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Welcome to my homepage!  I’ve developed this website to share information about my professional and personal background, my current research interests and projects, and other activities I’m engaged in.  I’m a professor of sign language, linguistics, and interpretation at the University of Tennessee, Knoxville.  I’ve worked as an interpreter, teacher, and researcher in the field of Sign Language/Deaf Studies for the past three decades. I learned sign language from a neighbor during childhood; then, honed my sign language skills as a camp counselor during high school and as a houseparent at the Texas School for the Deaf during college. 

I began my current career trajectory working as a professional sign language interpreter in 1975, and commenced my university teaching career in 1983 at Gallaudet University in Washington, DC. There, I taught in the Master's Degree Program in Interpretation in the Department of Linguistics and Interpreting until 1990. I have served on the faculties of the Sign Language/Deaf Studies program in the College of Education at the University of Arizona (1990 – 1994) and the Sign Language Interpretation Program at Miami-Dade College (1994 – 2000). In addition to extensive fieldwork and research, I have developed and taught undergraduate and graduate coursework in Education of the Deaf, Sign Language/Deaf Studies, Linguistics, and Interpretation.

My research agenda is two-fold:  the linguistic study of signed languages; and, research of interpretation and translation processes.  For the past two decades, I’ve been studying the historical and contemporary uses of sign language among American Indian groups.  I’ve published over thirty research articles and book chapters, and presented internationally on a variety of topics related to sign language linguistics and interpretation.  Most recently, I authored the book Hand Talk: Sign Language among American Indian Nations, published by Cambridge University Press (2010).      

Personal background and interests:  I was born and raised in the New Orleans area on the north shore of Lake Pontchartrain.  Both maternal and paternal sides of my family have lived in this geographic area since the early 1800s. Though I spent a lot of time in the French Quarter growing up, the greater New Orleans area encompasses seven parishes (the Louisiana equivalent of other states' counties).  We’re from Tangipahoa and St. Tammany parishes on Lake Pontchartrain, the second-largest saltwater lake in the US, after the Great Salt Lake in Utah.  My home town is Ponchatoula, Louisiana – where my mother and other family members still reside on Davis Drive, as did my grandparents before them.  It’s easier and less confusing to say I’m from the New Orleans area, than to say I’m from Ponchatoula.  By the way, Ponchatoula is recognized as “The Strawberry Capitol” of the world (also Louisiana’s state fruit).  Each year in April, our home town hosts the annual Strawberry Festival with over 250,000 visitors – the largest weekend festival in the state.  I was raised on a strawberry farm, raking pine tree straw to place around the roots of the strawberry plants, picking the fruit, and gobbling up the berries.  One could say – strawberry fields forever!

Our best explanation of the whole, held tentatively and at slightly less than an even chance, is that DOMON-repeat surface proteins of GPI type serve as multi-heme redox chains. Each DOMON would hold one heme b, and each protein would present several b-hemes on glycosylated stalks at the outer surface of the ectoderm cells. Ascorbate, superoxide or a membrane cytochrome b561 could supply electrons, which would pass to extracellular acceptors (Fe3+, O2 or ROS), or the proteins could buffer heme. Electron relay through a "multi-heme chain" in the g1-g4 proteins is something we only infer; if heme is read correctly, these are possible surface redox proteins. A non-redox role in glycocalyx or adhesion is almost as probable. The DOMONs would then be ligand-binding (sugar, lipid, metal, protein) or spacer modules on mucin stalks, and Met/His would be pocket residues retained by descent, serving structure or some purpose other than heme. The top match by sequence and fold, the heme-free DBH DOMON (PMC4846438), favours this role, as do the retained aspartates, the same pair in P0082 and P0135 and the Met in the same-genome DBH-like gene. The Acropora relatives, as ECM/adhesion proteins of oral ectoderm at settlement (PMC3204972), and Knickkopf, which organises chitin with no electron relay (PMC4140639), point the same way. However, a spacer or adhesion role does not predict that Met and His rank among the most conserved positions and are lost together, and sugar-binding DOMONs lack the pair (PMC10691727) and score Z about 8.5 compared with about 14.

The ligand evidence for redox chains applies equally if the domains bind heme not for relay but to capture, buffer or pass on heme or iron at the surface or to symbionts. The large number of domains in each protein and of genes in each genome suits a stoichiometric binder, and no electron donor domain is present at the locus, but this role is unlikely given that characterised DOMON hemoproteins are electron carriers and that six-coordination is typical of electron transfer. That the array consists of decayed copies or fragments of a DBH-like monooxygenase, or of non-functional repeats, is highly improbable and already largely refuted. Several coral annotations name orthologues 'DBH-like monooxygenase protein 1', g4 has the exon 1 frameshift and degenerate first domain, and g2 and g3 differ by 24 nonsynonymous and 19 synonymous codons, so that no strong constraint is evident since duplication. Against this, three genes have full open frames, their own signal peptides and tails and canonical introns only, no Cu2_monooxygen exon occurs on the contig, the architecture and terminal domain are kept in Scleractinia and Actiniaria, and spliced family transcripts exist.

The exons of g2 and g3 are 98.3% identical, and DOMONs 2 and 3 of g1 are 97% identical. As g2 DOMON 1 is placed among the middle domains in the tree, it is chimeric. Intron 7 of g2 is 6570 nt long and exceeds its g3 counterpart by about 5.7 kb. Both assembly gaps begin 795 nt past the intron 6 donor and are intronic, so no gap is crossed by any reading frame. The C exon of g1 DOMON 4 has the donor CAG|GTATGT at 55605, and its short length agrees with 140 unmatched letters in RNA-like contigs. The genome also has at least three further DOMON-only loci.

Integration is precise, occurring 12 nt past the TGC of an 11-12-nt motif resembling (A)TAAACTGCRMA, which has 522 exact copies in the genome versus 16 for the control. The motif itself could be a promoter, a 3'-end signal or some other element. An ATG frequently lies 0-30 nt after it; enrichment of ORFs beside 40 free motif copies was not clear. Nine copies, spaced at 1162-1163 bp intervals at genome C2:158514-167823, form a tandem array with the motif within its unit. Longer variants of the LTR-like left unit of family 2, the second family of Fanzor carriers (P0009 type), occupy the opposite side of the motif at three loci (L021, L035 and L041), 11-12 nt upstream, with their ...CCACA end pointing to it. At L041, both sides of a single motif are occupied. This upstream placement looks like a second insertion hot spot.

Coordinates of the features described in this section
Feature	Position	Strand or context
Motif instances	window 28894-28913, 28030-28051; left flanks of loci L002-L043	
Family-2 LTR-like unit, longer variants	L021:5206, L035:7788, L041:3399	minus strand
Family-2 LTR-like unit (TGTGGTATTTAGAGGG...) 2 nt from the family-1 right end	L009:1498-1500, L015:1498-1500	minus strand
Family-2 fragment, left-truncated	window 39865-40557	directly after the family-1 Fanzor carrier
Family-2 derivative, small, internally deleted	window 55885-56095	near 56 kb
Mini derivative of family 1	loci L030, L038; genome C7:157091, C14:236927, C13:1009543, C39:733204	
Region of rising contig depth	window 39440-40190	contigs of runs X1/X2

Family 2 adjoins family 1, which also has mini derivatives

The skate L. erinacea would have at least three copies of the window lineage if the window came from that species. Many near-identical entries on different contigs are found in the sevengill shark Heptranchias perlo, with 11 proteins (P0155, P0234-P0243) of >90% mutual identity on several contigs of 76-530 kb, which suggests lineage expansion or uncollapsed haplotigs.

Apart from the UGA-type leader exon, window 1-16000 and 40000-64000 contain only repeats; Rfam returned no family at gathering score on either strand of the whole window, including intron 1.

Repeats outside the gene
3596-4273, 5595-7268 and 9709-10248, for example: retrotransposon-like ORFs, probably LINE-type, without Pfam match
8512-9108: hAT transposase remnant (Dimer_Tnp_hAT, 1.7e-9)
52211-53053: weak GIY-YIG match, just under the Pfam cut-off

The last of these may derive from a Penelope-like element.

After high school, I attended the University of Texas and lived in Austin until 1980, and then went to grad school at Gallaudet University where I earned an MA in linguistics in 1984. I earned a PhD in linguistics at the University of New Mexico in 1990, did a post-doc at the University of Arizona, and then lived in Miami for 10 years.  I joined the faculty of the University of Tennessee in 2000.

Now, I'm very happily living in the Great Smoky Mountains of east Tennessee. I love to travel around the US and the world – and frequently visit two of my favorite cities – Washington, DC and New Orleans. My work and travels have taken me to every continent except Antarctica and Australia—though I have been to New Zealand (is that a continent)?   In testimony of my wanderlust, I’ve visited every country in Europe, every state in Mexico, and every state in the US except Alaska and Hawaii.  No plans to visit Antarctica anytime soon, but I still have quite a few places of my “bucket list” to visit.  My home in the Great Smokies is situated in a place called Happy Valley – and I’m happy having “stay-cations” right here where I am now!  When not travelling and spending time with friends and family, I enjoy hiking and swimming in lakes, rivers, oceans, and even man-made pools.  When I’m not conducting historical, anthropology, and sign language linguistic research, I enjoy doing genealogical research.  My other passions include Cajun and southern cooking, sharing home cooked meals with friends, reading, doing yoga, and attending meditation retreats – in silence.    

  

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